Talking Nukes With India
THE U.S. relationship with China is locked in familiar contradictions: Commercial ties are deepening while political and military tensions remain. Meanwhile, relations with Asia's other billion-person nation, India, are improving in dramatic ways, but this realignment carries risks, particularly on nuclear policy. As President Bush prepares to visit India on Wednesday, the question is whether he can cement the improvement in U.S.-India ties while avoiding negative spillover effects.
Last July the two countries outlined a new nuclear policy. The United States said it would help India to build civilian nuclear reactors and import advanced weapons, setting aside the principle that countries refusing to sign the nuclear Non-Proliferation Treaty should be denied such assistance. In return, India said it would renounce further nuclear tests, open its civilian nuclear reactors to international inspections and avoid cooperation with nuclear proliferators. In practice, India had already chosen to stop nuclear testing and to safeguard its nuclear material, but changing that voluntary good behavior into a more formal obligation would be a plus. So would the opportunity to neutralize the nuclear issue as an obstacle to U.S.-Indian rapprochement.
From the start, there were doubts about this policy. It wasn't clear, for example, that India was ready to become a useful ally; the country's anti-American left wing, which is represented in the current coalition government, continues to fight a rear-guard action against the largely pro-American commercial class that has emerged thanks to rapid economic growth since the early 1990s. But since the outline agreement was announced, India has twice confounded the doubters by supporting U.S. efforts to refer Iran's nuclear lawbreaking to the United Nations Security Council -- this despite India's thirst for Iranian oil and natural gas. It does not follow that India will become a dependable friend in all matters. But it may gradually reach the point where it is willing to act as a counterweight to China. And given India's large and tolerant Muslim population, it could be an ally against Islamic radicalism.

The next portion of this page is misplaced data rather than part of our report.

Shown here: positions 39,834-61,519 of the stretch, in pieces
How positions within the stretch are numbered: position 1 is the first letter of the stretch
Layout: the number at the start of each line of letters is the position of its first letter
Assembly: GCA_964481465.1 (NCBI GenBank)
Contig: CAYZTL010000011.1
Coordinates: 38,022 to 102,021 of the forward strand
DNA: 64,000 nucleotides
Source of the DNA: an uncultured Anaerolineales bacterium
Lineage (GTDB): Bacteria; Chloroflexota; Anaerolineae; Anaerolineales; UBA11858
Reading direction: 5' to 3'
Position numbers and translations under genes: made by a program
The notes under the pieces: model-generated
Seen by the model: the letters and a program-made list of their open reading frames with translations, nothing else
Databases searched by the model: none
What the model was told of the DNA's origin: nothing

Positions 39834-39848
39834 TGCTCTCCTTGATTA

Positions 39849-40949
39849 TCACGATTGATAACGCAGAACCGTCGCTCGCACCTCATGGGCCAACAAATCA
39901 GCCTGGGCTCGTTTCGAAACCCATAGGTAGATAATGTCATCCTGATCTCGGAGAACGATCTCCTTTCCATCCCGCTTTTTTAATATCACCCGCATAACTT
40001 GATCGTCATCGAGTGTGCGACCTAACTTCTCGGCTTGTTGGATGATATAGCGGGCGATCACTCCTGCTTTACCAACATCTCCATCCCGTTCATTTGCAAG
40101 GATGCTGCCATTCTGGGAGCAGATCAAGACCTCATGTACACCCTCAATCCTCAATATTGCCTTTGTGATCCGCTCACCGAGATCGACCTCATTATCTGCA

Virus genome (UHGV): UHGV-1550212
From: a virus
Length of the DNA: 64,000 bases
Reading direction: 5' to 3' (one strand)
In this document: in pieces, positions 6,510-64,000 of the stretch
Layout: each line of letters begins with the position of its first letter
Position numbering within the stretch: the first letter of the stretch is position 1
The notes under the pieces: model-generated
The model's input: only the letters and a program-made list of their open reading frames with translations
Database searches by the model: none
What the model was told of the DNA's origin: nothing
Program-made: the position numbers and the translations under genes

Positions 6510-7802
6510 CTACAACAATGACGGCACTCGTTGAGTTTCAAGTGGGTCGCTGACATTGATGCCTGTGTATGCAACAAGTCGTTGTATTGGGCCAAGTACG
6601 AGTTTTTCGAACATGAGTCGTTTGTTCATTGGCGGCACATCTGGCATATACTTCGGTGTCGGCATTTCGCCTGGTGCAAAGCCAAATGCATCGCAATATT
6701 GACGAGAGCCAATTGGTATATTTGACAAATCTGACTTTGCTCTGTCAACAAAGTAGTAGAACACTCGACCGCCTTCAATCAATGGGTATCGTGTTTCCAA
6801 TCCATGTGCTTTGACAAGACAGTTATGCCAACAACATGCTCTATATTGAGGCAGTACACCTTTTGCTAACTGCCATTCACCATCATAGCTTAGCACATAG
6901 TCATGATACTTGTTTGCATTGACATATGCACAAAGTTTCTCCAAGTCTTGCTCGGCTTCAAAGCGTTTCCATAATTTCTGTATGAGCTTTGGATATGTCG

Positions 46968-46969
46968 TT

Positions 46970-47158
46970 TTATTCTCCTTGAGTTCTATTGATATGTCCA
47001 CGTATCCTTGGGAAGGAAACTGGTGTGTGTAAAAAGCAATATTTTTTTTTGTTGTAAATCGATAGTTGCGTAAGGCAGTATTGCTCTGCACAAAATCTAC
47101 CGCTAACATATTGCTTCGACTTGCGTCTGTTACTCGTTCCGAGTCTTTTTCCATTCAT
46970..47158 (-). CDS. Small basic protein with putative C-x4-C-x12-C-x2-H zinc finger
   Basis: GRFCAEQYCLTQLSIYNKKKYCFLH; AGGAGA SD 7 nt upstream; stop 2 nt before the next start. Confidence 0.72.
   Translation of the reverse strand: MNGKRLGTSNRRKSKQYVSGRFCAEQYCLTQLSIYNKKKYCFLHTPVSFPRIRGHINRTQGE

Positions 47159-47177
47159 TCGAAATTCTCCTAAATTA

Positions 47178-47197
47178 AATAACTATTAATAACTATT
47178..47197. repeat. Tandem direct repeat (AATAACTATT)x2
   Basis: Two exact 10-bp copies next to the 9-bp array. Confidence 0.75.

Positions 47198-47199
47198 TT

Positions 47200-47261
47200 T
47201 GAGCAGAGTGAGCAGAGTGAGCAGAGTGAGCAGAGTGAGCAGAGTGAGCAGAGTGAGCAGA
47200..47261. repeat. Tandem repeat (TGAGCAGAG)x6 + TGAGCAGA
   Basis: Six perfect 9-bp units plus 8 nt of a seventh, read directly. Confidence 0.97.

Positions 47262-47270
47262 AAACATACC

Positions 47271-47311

One other doubt has not been assuaged, however. India's offer to open its civilian reactors to international inspections is being undermined by signs that key reactors will be defined as military and thus be exempted. This would put India in a position to expand its nuclear arsenal rapidly, which might in turn cause neighboring Pakistan to build extra nukes to retain a viable deterrent. This prospect is alarming because Pakistan's dictatorship sits atop a cauldron of militant Islamic ferment and because Pakistan's nuclear scientists have a record of retailing know-how to rogue nations. Moreover, if the United States accepts a deal in which India retains huge bomb-making latitude, it will be harder to protest when China and Russia decide to promote the nuclear ambitions of their respective allies.
The nuclear Non-Proliferation Treaty is a limited asset: It has not stopped a string of countries from going nuclear, and it's not worth forgoing major prizes such as an Indian alliance in order to preserve it. But a good nuclear deal with India could reduce the likelihood that Pakistan and others will scramble to build extra bombs. The Bush administration needs to tell its friends in India that the details of the deal matter -- to America's security and India's.